Somehow, Daughters of Reykjavik manage to turn the heat up even further, which takes some doing. The eight-piece feminist hip-hop collective are an absolute riot, blending choreographed dance moves with punk rock energy, diving into the crowd, showering audience members with beer, onstage lactating during Hot MILF Summer and - a first, surely - inviting a young man from the audience to offer himself up for a ritualistic sacrifice which ends with his 'guts' spilling out.

More seriously, the group express solidarity with "the women in Iran, fighting for a better world", cutting off locks of hair as they stand before a screen reading 'We, the Iranian people, are the victims of the Islamic Republic regime and we shall never forget, nor shall we ever forgive those who appeased and co-operated with our oppressors.' It's a powerful moment which seems to stop time and suck the air from the room. 

Amyl and the Sniffers

Amyl and the Sniffers at Reykjavik Art Museum (Image credit: Julie Van Den Bergh)

Night one of the festival concludes in intense, mind-melting fashion with Vancouver's Crack Cloud, perhaps the world's only avant-garde post-punk multi-media collective to feature a shrieking harpist and a lead vocalist drummer, though don't quote us on that. At the risk of upsetting the wholesome group dynamic, we're giving the MVP award here to the blanket-clad Mohammad Sharar, whose energetic leaps from bongo battering to keyboard jabbing - stop us if we're getting too technical here, non-musos - are a joy to behold. He'll sleep well tonight.

The undisputed star of Friday night's programme is classically-trained pianist and post-classical composer Eydís Evensen, who performs with a string section at Fríkirkjan, a beautiful Lutheran church, consecrated in 1903, on the edge of Tjörnin ('The Pond'). Evensen's Live at Home session for KEXP was the influential Seattle radio station's most watched session during the pandemic, racking up over 3.2 million views since being posted in the June 2021, and her performance at Fríkirkjan, only her second ever Reykjavik concert, is nothing short of spellbinding.

Eydis Evensen

Eydís Evensen at Fríkirkjan, November 4, 2022 (Image credit: Sabrina Smith)

Works by the late Jóhann Jóhannsson, Hildur Guðnadóttir and Biggi Hilmars have positioned Icelandic composers at the forefront of the global film/TV scoring community, and as she shares themes from her 2021 album Bylur ('Snowstorm') and 2022 EP Frost, it's easy to imagine Evensen's stunningly beautiful compositions on future Oscars shortlists.

As she opens her ten-song set with Dagdraumur ('Daydream'), a respectful, breathless hush falls upon the congregation inside Fríkirkjan, as if the simple act of exhaling might break the magic of the moment. In a set composed of nothing but highlights, special mention must go to the jaw-droppingly gorgeous Midnight Moon, featuring vocals from jazz-pop vocalist Guðrún Ýr Eyfjörð Jóhannesdóttir aka GDRN, and the set-closing The Light I from Frost, which seems to evoke the pure joy of a born-again world tentatively reawakening from the stasis caused by the pandemic.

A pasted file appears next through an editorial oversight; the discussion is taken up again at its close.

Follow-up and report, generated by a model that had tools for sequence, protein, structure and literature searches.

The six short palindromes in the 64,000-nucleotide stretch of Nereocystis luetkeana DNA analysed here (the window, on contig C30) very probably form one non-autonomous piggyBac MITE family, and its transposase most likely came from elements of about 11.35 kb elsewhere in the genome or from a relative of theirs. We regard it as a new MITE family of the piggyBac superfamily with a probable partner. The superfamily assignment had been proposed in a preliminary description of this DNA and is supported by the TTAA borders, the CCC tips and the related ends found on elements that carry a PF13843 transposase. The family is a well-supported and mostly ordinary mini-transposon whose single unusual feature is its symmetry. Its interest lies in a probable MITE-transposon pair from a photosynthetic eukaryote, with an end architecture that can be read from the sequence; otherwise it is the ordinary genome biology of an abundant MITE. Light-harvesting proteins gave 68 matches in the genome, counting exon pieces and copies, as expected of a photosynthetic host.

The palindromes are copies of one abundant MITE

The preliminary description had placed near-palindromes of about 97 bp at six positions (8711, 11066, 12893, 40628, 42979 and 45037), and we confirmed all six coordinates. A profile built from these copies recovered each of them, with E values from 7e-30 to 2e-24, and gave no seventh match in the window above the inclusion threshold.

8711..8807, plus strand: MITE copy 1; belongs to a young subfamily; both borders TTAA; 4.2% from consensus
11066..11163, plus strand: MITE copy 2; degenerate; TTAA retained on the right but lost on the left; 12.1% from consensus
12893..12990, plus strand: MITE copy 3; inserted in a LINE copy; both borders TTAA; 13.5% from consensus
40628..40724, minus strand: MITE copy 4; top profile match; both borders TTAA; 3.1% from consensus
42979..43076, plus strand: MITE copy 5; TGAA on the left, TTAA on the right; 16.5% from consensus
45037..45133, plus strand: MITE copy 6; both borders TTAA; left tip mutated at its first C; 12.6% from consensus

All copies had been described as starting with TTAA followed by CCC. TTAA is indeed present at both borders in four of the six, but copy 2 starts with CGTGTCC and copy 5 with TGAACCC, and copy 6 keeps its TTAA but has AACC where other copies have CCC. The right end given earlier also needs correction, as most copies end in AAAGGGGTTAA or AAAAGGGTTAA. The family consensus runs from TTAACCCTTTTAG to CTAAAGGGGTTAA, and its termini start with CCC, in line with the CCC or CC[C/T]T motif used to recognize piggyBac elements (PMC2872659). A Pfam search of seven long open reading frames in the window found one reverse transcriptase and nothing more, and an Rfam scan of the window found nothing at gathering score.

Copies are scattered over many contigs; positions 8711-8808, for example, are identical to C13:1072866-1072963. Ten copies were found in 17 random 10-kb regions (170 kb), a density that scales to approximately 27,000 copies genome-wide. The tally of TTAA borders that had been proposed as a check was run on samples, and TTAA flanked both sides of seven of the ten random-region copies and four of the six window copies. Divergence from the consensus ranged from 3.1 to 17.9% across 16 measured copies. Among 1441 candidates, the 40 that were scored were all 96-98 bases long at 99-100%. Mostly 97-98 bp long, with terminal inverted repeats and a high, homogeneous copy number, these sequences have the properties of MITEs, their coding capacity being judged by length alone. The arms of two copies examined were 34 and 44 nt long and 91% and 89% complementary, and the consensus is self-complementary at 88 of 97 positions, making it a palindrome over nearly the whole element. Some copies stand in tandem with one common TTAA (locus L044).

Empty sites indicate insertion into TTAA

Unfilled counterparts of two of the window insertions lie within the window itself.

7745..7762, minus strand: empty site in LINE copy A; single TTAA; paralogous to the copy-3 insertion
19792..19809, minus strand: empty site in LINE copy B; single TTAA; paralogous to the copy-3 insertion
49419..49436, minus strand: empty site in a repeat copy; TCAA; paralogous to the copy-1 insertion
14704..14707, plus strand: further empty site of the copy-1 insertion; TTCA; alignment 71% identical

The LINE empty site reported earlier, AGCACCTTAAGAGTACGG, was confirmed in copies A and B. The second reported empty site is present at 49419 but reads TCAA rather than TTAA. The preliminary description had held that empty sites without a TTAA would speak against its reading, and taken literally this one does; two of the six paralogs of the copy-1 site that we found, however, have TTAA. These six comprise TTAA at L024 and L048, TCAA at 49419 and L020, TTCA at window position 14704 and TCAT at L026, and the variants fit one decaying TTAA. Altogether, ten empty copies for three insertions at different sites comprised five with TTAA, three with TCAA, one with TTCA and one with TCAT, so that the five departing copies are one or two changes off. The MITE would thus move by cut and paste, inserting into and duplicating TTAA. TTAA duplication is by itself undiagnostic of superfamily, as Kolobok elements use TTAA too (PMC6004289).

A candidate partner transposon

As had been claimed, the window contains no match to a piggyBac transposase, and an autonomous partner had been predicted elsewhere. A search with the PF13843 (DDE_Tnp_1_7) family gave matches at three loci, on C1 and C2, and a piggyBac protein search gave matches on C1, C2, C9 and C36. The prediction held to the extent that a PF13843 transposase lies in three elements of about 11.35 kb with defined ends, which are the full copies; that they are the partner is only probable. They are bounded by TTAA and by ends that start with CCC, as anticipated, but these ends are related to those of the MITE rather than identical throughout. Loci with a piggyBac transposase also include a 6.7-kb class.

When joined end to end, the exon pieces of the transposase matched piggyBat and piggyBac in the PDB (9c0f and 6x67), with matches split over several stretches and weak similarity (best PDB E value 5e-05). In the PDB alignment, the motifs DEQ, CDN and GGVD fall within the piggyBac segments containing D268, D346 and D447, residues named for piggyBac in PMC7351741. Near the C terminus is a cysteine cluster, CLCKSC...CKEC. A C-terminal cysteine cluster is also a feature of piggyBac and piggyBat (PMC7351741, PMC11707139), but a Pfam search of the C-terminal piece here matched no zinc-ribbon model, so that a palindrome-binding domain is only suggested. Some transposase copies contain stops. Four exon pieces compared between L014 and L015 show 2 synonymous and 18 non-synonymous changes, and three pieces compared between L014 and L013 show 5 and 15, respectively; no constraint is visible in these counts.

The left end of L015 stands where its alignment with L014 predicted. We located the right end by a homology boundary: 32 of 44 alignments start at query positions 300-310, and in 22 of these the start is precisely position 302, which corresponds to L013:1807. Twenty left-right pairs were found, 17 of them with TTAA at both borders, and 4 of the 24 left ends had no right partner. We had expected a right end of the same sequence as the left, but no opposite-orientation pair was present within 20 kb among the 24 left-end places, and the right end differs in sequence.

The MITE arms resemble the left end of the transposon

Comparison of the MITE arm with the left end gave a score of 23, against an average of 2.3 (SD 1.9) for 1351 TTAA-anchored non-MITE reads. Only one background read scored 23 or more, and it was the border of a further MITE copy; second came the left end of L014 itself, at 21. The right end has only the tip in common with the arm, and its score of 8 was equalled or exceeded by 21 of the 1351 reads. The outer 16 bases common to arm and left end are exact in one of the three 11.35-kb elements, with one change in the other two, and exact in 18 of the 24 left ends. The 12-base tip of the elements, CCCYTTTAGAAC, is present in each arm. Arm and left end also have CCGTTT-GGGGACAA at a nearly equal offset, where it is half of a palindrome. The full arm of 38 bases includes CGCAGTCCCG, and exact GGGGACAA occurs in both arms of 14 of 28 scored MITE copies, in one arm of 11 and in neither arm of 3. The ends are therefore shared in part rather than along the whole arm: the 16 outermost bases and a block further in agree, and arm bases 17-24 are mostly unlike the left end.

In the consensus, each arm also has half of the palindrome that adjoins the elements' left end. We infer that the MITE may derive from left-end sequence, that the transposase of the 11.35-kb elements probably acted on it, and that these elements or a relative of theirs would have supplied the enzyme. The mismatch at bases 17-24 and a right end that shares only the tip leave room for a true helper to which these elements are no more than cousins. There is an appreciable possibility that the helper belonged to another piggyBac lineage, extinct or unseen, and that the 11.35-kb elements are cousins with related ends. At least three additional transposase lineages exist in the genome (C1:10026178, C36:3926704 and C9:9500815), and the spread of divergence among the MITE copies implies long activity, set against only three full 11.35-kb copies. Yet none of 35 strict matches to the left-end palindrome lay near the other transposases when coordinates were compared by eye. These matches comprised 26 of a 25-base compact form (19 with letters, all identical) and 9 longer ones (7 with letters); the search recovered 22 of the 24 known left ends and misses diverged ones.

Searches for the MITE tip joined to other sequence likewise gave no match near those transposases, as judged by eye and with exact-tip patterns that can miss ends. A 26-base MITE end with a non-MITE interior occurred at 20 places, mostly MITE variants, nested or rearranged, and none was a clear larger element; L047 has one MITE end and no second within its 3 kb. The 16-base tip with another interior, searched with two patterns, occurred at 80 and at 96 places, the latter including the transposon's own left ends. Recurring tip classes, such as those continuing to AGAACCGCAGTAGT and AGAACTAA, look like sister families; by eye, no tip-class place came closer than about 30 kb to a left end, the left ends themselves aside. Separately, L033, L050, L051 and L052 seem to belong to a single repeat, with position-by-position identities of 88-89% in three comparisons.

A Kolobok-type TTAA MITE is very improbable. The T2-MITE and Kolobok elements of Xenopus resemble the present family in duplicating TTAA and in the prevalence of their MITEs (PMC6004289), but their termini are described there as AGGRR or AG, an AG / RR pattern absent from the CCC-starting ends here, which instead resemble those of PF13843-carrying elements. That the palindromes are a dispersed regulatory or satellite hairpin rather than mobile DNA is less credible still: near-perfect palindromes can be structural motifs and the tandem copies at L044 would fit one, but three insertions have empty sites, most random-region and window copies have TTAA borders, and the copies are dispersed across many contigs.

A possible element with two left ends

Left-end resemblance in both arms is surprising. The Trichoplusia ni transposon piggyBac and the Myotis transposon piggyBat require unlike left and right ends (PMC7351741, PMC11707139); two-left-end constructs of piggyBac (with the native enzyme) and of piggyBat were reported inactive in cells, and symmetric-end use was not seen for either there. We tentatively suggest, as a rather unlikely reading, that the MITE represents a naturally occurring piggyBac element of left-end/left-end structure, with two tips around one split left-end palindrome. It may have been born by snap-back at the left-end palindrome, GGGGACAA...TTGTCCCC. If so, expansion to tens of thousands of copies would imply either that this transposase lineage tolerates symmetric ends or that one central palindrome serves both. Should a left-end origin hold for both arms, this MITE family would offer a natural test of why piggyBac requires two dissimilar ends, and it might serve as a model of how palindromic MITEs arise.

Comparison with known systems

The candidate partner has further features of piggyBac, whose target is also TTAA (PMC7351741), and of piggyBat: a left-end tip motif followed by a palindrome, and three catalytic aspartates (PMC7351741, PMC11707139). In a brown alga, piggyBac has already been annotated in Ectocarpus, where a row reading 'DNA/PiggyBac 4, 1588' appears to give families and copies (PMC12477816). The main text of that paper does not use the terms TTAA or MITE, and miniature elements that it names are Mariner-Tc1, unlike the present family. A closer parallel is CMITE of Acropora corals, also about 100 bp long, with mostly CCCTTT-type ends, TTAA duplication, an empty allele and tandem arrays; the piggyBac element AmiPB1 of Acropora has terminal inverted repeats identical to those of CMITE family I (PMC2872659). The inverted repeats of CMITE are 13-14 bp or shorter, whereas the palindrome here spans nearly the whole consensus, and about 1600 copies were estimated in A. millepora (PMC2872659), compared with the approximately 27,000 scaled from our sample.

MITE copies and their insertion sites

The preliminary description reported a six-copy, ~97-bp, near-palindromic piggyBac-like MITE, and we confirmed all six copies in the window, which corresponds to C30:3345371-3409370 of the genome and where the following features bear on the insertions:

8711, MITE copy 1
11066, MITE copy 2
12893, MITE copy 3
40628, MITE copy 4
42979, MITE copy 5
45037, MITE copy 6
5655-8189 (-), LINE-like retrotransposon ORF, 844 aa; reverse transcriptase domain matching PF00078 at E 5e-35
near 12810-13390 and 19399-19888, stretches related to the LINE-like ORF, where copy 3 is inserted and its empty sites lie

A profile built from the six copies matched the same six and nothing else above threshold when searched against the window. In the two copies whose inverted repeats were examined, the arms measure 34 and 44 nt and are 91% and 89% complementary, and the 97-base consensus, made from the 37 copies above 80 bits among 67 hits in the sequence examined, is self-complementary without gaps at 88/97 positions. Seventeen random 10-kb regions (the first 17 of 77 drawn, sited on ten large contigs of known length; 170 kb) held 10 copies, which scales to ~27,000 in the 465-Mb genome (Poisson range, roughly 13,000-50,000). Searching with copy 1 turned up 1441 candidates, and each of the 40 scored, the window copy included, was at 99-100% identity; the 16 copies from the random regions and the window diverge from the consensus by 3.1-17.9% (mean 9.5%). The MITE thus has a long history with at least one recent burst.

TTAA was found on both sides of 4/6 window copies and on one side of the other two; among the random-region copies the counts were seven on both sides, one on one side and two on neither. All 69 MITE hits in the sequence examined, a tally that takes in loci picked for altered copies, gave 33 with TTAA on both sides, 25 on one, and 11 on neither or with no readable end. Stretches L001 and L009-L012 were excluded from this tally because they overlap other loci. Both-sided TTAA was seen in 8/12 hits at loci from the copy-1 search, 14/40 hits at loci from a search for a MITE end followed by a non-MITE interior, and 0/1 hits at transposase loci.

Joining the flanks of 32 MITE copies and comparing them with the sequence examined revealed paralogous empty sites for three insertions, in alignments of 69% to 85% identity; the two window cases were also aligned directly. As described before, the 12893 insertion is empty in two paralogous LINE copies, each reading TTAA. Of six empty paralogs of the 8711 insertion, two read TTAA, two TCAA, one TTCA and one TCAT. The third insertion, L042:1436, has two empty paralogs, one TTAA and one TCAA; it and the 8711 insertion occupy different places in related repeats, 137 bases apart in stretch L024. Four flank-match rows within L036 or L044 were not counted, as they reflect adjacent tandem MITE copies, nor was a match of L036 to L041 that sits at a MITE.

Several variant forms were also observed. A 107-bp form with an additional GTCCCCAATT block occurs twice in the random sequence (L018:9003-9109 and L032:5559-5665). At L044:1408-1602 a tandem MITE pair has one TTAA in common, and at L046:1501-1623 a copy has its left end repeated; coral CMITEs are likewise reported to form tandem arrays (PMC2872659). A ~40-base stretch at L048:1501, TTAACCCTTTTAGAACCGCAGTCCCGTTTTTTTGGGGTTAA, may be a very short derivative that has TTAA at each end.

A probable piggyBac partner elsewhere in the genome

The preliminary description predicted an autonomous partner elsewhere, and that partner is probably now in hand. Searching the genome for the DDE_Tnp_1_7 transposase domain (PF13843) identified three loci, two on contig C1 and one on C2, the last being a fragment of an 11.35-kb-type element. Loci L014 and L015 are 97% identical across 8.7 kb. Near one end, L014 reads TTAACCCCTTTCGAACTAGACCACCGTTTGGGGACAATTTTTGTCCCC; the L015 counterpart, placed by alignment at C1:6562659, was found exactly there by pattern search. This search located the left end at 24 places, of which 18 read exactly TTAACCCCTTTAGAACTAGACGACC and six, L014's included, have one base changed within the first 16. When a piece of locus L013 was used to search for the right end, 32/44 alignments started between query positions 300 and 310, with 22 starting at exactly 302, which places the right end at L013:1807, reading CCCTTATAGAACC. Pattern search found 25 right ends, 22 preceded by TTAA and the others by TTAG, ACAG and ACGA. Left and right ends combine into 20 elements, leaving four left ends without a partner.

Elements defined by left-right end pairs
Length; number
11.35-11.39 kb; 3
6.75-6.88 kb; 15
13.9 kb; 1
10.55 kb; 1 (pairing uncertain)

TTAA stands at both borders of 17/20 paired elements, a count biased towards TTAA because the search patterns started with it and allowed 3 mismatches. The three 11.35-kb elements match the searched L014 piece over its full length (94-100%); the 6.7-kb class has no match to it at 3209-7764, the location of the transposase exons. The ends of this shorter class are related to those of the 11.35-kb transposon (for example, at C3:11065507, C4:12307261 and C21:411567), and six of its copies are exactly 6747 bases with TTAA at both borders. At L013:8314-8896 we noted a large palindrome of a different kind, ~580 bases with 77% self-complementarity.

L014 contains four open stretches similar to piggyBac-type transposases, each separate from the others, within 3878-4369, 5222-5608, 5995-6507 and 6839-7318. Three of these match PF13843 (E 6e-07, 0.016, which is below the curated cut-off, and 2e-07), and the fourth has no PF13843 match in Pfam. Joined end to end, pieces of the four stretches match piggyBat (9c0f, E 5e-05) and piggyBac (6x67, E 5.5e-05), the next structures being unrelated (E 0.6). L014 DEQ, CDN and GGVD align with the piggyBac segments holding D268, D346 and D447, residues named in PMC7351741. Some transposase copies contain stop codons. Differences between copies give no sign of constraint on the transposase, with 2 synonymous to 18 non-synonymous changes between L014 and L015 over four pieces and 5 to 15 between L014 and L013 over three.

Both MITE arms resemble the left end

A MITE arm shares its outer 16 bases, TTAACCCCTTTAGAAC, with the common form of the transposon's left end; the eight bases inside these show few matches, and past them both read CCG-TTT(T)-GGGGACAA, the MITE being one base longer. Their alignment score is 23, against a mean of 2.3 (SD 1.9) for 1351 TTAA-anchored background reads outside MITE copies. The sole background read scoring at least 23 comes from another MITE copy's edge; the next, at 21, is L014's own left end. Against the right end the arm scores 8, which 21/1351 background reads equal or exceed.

It's a composition which also transmits the impression that Evensen's own journey is only just beginning. On the following afternoon, at Greenhouse Studios, a high-end but charmingly homely facility located in a quiet Reykjavik suburb, Evensen and her producer Valgeir Sigurðsson offer a world preview of a transcendent recently-recorded track from the pianist's forthcoming second album, causing a room full of experienced international music journalists, including legendary Rolling Stone writer David Fricke, to fall into awed silence. An exceptional, enchanting, world class talent.

Louder's plan, following on from this festival highpoint, was to round off the weekend on Saturday night by embracing the opposite end of Airwaves' sonic spectrum, in the form of four guitars/two drummers Irish noise-punks Thumper at the storied rock venue Gaukurinn where, local legend has it, Iceland's first legal draft beer was sold, in 1989.

Unfortunately, and somewhat ironically, having earlier recommended the band as a 'must see' attraction to Icelandic friends, this writer finds himself unable to get into the venue, which is packed beyond capacity with a queue right around the building long before the Dubliners' scheduled 11:20pm stage time.

By all accounts, or more specifically according to the account of our good friend Karlotta Laufey, guitarist with Vicky and Ottoman, who arrives at the Ölstofa bar in the wee small hours clutching a vinyl copy of the sextet's excellent Delusions Of Grandeur album, the band absolutely killed it, so we can't even be mad at missing out since we've previously seen Thumper twice in London. 

As it transpires, in the end, the final musical act this writer sees in Reykjavik is a local busker wearing chainmail and a helmet, performing Lynyrd Skynyrd's Freebird outside a Vietnamese restaurant. If I leave here tomorrow Reykjavik, would you still remember me? Probably not, in all honesty, but we won't forget you, or Iceland Airwaves 2022, any time soon.


Horns ornament

Iceland rocks! (Image credit: Sabrina Smith)

Paul Brannigan
Contributing Editor, Louder

A music writer since 1993, formerly Editor of Kerrang! and Planet Rock magazine (RIP), Paul Brannigan is a Contributing Editor to Louder. Having previously written books on Lemmy, Dave Grohl (the Sunday Times best-seller This Is A Call) and Metallica (Birth School Metallica Death, co-authored with Ian Winwood), his Eddie Van Halen biography (Eruption in the UK, Unchained in the US) emerged in 2021. He has written for Rolling Stone, Mojo and Q, hung out with Fugazi at Dischord House, flown on Ozzy Osbourne's private jet, played Angus Young's Gibson SG, and interviewed everyone from Aerosmith and Beastie Boys to Young Gods and ZZ Top. Born in the North of Ireland, Brannigan lives in North London and supports The Arsenal.